For Mayor Sandy Stimpson, Christmas came in October this year. He even compared Carnival Executive Vice President Terry Thornton to St. Nicholas himself.
“What you just brought us was a whole lot better than what Santa Claus brings,” Stimpson said while onboard the Carnival Fantasy on Monday, Oct. 14.
Stimpson, Thornton and members of the Mobile City Council met for a ceremonial signing on the ship Monday before councilors made the contract official at a regular meeting Tuesday, Oct. 15.
The vote had been delayed because councilors could not get a voting quorum together on Thursday, Oct. 10. Councilwoman Bess Rich had said she had a scheduling conflict with the 4:30 p.m. meeting, which arose from a gala at the Connie Hudson Mobile Regional Senior Community Center. However, in a Facebook post, she complained that a copy of the contract signed by Carnival executives had not been attached to the meeting agenda. Councilman Fred Richardson also did not attend the meeting. He complained that the contract, which he also noted had not been appropriately signed, was not attached to the agenda until the day of the meeting.
The new three-year contract between Carnival and Mobile is a departure for the company when dealing with a market this size, Thornton said.
“This is very different than agreements we’ve done before,” he said. “We really need and want to make the Port of Mobile work for us and we have.”
In markets the size of Mobile, the cruise line typically enters into single-year contracts, which means there is almost no commitment on the part of the company. Stimpson had put an emphasis on luring Carnival back since he was first elected in 2013. Stimpson entered into a new contract with the cruise line in 2015 and has been hopeful the city could keep a ship in port ever since.
“In 2015 when Carnival came back, we didn’t know what to expect, but we were very, very hopeful,” Stimpson said.
On the company’s part, Thornton said it left the city following the fulfillment of its 2011 contract because the “economic model wasn’t working at that time.”
“At this time that’s not the case,” he said.
There are a series of opt-outs in the contract, but Thornton reassured those in attendance that those were an “accounting provision” and do not impact the company’s three-year commitment to Mobile.
Ships leaving Mobile are important to Carnival, Thornton said, because they draw cruisers from a five-hour radius. That means a lot of visitors are within a “convenient” drive to the port, he said.
There are no itinerary changes on the horizon for Mobile cruises, Thornton said. Fantasy will continue to offer four- and five-day cruises to ports in the Western Carribean. These shorter cruises are better for working families, who want to take a week-long vacation.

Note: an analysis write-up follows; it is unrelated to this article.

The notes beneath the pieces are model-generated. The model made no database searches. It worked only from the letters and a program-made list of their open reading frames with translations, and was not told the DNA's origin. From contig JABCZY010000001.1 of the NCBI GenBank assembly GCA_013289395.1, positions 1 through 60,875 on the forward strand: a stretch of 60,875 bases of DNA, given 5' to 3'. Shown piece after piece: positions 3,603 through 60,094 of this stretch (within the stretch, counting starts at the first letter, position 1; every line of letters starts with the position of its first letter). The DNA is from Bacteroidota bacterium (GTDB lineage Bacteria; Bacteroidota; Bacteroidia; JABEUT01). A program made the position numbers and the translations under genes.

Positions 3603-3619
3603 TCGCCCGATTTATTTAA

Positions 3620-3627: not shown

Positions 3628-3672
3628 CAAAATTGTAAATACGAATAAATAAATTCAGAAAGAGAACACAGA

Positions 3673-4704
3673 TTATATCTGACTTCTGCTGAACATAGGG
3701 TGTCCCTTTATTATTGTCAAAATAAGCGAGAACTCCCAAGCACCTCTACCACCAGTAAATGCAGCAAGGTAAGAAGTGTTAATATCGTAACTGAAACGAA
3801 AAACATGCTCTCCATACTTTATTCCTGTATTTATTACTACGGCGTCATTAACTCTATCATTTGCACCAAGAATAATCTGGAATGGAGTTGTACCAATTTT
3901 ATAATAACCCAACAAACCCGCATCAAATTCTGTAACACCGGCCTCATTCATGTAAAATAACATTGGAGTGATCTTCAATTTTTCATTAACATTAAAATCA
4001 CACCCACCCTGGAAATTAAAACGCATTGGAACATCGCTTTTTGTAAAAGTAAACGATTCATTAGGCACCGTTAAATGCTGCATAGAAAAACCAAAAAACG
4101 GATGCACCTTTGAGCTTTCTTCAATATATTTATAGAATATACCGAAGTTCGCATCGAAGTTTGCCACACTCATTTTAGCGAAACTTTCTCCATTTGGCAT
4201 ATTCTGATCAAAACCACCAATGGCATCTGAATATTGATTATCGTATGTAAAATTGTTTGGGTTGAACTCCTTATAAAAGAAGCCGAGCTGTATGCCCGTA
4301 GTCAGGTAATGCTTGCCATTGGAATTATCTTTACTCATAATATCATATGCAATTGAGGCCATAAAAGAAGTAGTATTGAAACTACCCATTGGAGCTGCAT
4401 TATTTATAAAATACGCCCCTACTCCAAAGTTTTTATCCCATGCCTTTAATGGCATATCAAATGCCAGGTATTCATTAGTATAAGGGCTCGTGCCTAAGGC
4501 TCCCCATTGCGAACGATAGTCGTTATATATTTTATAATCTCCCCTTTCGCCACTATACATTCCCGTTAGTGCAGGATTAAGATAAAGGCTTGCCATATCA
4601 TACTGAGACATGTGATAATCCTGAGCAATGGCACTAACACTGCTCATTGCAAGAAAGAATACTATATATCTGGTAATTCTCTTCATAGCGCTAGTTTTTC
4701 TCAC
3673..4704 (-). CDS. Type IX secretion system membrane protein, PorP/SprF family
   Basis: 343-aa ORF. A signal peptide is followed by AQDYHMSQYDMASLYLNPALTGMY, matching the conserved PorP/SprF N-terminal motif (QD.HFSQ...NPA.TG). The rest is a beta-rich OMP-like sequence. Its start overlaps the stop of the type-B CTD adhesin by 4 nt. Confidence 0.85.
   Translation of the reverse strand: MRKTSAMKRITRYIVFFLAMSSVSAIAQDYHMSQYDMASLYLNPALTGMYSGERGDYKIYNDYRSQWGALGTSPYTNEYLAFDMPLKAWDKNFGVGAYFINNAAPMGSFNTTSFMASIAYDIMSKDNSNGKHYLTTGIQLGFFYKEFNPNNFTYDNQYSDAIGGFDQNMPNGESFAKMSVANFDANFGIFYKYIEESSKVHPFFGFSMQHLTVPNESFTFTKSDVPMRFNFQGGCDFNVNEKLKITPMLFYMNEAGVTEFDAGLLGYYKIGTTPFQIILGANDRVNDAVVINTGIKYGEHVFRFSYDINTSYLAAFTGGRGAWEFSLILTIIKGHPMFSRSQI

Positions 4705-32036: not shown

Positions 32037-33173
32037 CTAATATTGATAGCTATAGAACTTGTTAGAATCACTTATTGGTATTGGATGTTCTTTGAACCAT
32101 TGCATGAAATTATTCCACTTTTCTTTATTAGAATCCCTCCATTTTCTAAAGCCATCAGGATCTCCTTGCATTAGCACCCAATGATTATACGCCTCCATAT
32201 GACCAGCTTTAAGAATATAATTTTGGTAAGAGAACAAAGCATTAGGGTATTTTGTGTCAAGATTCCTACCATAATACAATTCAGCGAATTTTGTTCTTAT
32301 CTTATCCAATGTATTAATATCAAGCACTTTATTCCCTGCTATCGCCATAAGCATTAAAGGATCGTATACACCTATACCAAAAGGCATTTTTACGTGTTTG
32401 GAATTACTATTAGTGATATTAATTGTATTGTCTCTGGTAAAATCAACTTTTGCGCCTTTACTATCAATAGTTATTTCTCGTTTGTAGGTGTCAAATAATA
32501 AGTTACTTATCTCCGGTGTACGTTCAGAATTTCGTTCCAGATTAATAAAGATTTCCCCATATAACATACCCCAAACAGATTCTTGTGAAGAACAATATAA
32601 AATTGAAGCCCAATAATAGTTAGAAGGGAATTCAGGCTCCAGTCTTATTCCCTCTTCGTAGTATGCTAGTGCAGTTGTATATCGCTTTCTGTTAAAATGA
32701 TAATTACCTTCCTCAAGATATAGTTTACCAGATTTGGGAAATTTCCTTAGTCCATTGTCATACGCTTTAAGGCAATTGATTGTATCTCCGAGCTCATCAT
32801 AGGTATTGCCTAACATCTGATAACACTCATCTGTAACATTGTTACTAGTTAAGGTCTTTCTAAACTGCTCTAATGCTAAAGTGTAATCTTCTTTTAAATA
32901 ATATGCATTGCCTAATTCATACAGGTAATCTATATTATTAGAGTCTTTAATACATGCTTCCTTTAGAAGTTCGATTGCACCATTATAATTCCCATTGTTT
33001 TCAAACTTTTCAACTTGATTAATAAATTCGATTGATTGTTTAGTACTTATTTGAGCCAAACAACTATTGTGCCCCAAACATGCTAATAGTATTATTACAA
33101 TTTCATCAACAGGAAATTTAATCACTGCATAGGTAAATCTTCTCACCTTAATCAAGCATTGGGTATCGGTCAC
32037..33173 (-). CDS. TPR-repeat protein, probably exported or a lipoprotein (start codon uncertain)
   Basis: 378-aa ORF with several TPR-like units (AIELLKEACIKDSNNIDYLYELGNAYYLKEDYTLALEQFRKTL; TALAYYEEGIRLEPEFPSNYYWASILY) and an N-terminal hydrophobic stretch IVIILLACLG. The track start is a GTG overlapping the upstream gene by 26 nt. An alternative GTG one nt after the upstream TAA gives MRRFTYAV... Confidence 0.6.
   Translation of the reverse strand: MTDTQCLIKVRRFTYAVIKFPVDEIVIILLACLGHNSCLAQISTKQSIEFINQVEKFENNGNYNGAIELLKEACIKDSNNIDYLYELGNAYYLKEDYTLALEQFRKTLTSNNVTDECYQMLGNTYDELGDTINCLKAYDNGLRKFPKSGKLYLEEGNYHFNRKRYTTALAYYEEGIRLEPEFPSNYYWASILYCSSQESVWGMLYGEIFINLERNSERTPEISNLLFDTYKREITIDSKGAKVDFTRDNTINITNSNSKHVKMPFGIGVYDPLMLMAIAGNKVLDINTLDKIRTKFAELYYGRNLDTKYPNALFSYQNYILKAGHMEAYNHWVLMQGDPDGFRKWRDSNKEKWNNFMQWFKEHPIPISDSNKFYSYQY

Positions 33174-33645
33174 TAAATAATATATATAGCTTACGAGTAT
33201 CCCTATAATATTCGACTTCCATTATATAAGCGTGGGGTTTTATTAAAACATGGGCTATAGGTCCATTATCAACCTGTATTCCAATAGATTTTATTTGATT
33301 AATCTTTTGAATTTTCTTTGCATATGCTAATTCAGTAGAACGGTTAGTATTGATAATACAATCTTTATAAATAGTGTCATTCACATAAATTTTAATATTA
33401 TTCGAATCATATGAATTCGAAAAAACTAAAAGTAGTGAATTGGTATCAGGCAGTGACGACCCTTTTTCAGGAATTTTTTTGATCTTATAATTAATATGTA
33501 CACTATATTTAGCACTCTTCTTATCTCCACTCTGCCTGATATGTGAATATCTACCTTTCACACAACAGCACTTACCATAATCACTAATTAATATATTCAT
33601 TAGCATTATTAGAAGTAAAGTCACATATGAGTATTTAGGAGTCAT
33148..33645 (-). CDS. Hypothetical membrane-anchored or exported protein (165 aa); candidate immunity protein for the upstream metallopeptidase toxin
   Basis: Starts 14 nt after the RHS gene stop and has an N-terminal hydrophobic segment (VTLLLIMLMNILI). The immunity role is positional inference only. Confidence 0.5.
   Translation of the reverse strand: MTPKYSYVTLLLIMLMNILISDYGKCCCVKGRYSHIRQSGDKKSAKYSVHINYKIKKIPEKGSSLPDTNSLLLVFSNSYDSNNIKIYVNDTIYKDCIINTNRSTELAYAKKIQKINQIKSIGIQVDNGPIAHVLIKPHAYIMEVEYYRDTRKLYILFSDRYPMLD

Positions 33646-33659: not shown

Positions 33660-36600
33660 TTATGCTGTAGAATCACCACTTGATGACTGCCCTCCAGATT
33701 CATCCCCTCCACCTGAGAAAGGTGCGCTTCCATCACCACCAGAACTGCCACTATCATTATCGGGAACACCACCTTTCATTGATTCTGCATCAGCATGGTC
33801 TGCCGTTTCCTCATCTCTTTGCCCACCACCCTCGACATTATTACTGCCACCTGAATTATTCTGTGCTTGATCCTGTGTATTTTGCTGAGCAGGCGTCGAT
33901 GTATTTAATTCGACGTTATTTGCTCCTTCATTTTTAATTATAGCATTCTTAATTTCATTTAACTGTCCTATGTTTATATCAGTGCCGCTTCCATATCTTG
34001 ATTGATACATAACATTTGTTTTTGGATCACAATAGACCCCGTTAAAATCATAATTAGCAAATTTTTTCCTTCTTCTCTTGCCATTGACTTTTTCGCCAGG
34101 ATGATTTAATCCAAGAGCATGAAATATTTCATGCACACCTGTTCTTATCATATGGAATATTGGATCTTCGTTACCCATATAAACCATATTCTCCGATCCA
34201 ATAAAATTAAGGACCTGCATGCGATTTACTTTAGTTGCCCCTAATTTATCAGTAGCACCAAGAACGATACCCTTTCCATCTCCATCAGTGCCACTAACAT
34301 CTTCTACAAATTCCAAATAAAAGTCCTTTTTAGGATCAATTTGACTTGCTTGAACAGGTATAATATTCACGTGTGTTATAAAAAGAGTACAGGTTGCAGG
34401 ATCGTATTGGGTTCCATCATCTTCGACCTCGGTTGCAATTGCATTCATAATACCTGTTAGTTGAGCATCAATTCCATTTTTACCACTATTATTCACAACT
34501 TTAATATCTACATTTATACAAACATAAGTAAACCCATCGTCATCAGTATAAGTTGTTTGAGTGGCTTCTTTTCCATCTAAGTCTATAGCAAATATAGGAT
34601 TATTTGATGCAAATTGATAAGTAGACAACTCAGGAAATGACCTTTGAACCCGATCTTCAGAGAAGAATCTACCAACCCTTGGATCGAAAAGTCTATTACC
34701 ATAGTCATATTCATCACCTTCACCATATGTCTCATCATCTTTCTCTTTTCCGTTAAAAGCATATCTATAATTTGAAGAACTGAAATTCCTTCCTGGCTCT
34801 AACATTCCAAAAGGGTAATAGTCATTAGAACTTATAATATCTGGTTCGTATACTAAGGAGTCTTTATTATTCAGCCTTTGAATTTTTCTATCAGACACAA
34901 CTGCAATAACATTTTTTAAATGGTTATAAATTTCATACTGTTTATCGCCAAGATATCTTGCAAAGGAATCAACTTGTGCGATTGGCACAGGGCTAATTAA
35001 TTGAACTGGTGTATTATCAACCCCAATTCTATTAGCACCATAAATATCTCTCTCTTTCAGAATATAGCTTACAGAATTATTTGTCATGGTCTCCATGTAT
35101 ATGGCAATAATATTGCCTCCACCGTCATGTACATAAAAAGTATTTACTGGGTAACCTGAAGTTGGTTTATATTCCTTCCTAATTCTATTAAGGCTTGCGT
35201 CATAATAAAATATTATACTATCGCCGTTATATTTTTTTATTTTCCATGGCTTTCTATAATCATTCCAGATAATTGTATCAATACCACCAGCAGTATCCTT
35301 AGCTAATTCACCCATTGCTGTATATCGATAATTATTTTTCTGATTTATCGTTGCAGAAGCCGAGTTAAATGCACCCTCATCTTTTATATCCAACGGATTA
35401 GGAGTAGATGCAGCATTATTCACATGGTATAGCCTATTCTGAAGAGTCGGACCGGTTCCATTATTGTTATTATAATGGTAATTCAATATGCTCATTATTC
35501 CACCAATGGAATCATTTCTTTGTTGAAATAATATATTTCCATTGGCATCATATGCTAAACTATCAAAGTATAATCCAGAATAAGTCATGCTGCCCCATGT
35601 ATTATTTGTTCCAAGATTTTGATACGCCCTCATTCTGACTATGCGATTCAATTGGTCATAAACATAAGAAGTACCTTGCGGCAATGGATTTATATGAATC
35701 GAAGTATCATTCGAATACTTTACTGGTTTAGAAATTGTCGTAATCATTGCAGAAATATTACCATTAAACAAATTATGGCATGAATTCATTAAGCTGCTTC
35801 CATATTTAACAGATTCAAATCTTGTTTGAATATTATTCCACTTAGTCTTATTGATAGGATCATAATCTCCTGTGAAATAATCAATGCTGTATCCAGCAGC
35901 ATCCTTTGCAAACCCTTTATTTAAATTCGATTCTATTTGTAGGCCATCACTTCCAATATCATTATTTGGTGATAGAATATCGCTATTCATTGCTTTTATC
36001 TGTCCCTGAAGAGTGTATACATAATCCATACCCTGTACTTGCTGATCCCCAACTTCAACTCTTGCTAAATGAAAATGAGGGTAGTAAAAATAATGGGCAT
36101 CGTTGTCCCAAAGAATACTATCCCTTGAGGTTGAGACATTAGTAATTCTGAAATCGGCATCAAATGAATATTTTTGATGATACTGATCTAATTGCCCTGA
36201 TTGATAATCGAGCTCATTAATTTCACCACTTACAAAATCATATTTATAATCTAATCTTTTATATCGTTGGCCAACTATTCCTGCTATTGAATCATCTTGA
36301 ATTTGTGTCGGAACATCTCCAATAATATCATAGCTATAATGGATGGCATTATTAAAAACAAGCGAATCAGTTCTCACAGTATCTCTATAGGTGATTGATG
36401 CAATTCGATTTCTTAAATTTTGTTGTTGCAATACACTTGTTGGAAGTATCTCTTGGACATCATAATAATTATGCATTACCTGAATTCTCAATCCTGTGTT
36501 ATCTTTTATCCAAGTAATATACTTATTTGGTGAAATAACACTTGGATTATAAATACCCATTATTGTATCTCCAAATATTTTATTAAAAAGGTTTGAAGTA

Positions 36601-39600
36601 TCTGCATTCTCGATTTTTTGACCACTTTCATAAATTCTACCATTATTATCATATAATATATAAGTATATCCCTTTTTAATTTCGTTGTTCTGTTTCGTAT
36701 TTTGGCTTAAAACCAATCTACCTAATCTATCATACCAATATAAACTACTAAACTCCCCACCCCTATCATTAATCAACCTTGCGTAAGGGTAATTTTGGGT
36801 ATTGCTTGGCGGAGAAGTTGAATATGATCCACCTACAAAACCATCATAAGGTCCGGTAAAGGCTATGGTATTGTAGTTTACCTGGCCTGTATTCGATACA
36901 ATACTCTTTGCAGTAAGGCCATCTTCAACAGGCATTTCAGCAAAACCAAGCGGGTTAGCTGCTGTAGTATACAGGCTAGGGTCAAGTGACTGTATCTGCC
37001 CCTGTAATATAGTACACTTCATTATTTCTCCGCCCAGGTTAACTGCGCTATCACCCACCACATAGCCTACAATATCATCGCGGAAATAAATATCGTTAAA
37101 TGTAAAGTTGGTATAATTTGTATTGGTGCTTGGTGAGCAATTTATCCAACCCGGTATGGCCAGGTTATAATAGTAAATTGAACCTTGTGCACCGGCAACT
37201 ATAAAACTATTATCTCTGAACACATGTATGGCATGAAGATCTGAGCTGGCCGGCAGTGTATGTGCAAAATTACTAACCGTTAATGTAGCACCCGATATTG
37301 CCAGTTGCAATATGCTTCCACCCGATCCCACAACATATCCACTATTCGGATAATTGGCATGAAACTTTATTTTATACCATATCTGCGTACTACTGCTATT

“It gives you two days to get your life back in order,” Thornton said.
The shorter cruises are also a “little less expensive,” which helps to attract first-time cruisers, he said.
A bigger ship is a possibility, he said, but, again, the company is not currently looking to shuffle its fleet around, Thornton said.
David Clark, president and CEO of Visit Mobile, said the Carnival Fantasy is a boost to the city’s tourism. In the last three years, Clark said, the ship’s presence has resulted in 80,000 room nights with guests spending in the tens of millions of dollars in the city.
“That’s what is coming the next three years: the same or even more,” he said. “Those are true economic gains. This isn’t economic-impact study fluff. This is the real deal.”
The city hired a Miami-based consultant named Roger Blum to help work on the contract, but also work with the cruise industry as a whole, Executive Director of Finance Paul Wesch said in a previous interview.
“No. 1, we’re very impressed with his expertise and his relationships,” Wesch said. “We continue to believe he is one of the resources to attempt to make sure that the Carnival experience is not something that is day-to-day.”
More specifically, Stimpson said there are no conversations about bringing in a second cruise ship, or a larger one, but that could be a goal in the future.
“Because of his industry knowledge he’s staying engaged with Carnival [and] keeping us apprised of what we need to be aware of,” Stimpson said. “He’s got his ears and eyes open for other opportunities with Carnival or someone else.”
The contract, which Lagniappe has requested a copy of, is performance-based, city spokesperson George Talbot said.
As for Carnival’s success with cruises out of Mobile, Wesch said every ship has been full.
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